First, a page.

27 May 2024 The Future is the Product of the Past

Hundreds of oil lamps discovered in Aigai, “the City of Goats”

During the ongoing excavations in the Aigai Ancient City, located near the Yuntdağı Köseler Village of Manisa province in western Türkiye, hundreds of oil lamps were found, the most recent of which is 1800 years old and the oldest of which is 2500 years old.

Aigai Ancient City, one of the 12 cities founded by the Aiol people, is also known as an important religious site.  Spread over 800,000 ha, the wall-surrounded ancient city (asty) was built in the centre of the Aigai land. It was built on Mount Gün, part of a mountain range now known as Mount Yunt, which was referred to as Aspordene in ancient times.

The name “Aigai” is derived from the same root as the ancient Greek word aiga (goat) and means “the land with many goats”. The ancient city, whose name comes from the Greek word “aíga” (goat), is often referred to as “the city of goats”, which is not surprising considering its high altitude and rocky lands. As its name attests, the city’s economy was based on animal husbandry.

This year’s excavations in the ancient city focused on the Athena temple area, the foundations of which were reached in 2021.

Photo: DHA

Manisa Celal Bayar University Faculty of Science and Letters Archeology Department Lecturer Professor Yusuf Sezgin said that during this year’s excavations, hundreds of oil lamps were found in the ancient city, especially in the pit known as the city’s garbage dump.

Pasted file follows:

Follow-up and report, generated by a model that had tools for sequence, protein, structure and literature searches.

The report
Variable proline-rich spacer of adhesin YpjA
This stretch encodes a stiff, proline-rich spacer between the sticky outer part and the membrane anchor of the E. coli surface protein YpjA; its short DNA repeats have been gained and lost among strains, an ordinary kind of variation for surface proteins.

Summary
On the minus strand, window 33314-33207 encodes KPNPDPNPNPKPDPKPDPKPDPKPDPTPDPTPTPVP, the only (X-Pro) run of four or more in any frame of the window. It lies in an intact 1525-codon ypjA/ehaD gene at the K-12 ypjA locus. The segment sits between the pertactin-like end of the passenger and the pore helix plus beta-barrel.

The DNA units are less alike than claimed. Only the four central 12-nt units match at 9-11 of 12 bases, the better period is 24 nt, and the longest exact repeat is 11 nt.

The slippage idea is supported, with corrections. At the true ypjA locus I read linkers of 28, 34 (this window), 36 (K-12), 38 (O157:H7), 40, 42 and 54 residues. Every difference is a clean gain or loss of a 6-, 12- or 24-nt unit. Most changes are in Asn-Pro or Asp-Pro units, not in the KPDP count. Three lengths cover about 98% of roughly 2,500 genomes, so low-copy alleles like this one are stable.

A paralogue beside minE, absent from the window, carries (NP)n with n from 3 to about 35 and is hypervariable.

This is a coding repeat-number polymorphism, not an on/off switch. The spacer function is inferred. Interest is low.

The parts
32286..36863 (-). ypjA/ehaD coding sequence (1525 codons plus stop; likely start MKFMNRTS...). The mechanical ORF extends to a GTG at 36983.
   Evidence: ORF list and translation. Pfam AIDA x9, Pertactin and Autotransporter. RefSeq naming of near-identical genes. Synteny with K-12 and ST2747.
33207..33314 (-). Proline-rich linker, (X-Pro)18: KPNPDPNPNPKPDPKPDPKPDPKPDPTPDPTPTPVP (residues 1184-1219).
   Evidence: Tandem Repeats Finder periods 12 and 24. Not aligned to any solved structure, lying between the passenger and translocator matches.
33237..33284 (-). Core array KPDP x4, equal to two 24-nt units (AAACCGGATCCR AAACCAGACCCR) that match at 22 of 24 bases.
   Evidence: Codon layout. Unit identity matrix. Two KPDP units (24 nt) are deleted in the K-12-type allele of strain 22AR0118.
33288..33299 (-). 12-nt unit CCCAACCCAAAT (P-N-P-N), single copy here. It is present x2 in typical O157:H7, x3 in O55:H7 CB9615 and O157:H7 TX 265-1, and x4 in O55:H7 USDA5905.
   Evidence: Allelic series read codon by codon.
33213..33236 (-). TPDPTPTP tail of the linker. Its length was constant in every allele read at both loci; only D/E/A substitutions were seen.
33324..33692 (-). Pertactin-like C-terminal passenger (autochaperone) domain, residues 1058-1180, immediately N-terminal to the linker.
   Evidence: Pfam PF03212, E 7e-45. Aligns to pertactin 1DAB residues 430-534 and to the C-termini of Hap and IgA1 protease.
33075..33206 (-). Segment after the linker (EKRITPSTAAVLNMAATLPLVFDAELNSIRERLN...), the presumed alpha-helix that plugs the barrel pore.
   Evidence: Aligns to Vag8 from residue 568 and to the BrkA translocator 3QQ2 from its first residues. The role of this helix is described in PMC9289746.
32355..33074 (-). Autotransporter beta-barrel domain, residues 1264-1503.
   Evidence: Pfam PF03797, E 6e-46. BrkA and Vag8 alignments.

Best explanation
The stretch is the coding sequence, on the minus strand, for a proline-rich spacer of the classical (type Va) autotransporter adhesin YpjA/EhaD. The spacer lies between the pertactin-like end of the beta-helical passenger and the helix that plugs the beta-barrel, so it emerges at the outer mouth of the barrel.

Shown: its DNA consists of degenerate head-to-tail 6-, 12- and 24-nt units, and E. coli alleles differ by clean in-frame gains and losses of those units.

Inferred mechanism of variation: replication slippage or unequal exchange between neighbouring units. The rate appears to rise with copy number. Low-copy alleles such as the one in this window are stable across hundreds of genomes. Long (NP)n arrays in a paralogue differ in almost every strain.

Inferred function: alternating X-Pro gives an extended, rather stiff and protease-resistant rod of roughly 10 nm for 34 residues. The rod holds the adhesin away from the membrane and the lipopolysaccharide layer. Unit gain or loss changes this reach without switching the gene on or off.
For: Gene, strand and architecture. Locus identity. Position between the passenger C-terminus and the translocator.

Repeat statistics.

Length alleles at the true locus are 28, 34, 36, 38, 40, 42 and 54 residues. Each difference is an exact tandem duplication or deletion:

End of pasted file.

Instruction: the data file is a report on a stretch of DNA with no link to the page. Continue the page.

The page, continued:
The findings suggest that olive oil was used as fuel in hundreds of oil lamps in the ancient city, with the most recent ones being 1,800 years old and the oldest ones dating back 2,500 years.

Prof. Dr. Yusuf Sezgin in his statement, “The 2023 excavation works began in mid-May and are actively ongoing. Excavations have been carried out intensively in the city since 2004. We have come across a large number of lamps in the excavations. One of the most fundamental needs of human beings is shelter, and the corresponding need is actually for lighting. Illuminating homes during the darkness of the night is a basic requirement. Many oil lamps, especially in a garbage pit we excavated in the city in 2015, were found. These lamps had been broken and damaged, and they had been discarded. After restoring them, we obtained many lamps,” he said.

Photo: DHA

Sezgin continued his remarks by saying, “The fuel used in these lamps is primarily olive oil, which was a fundamental resource in ancient times. Olive oil served two main purposes in antiquity. First, it was used as fuel for lighting in lamps, and second, it was used for body lubrication. It was used less frequently in cooking. These lamps reveal a lot to us. The land of the ancient city is suitable for olive oil cultivation. Besides olive trees, we also encountered a significant presence of pistachio (terebinth) trees in Aigai. Until recent times, there were workshops in many areas near the ancient city that produced pistachio oil. They primarily used pistachio oil in cooking.”

Stating that they have many more well-preserved oil lamps, Professor Sezgin stated that the artifacts will be exhibited when the Manisa Museum opens.

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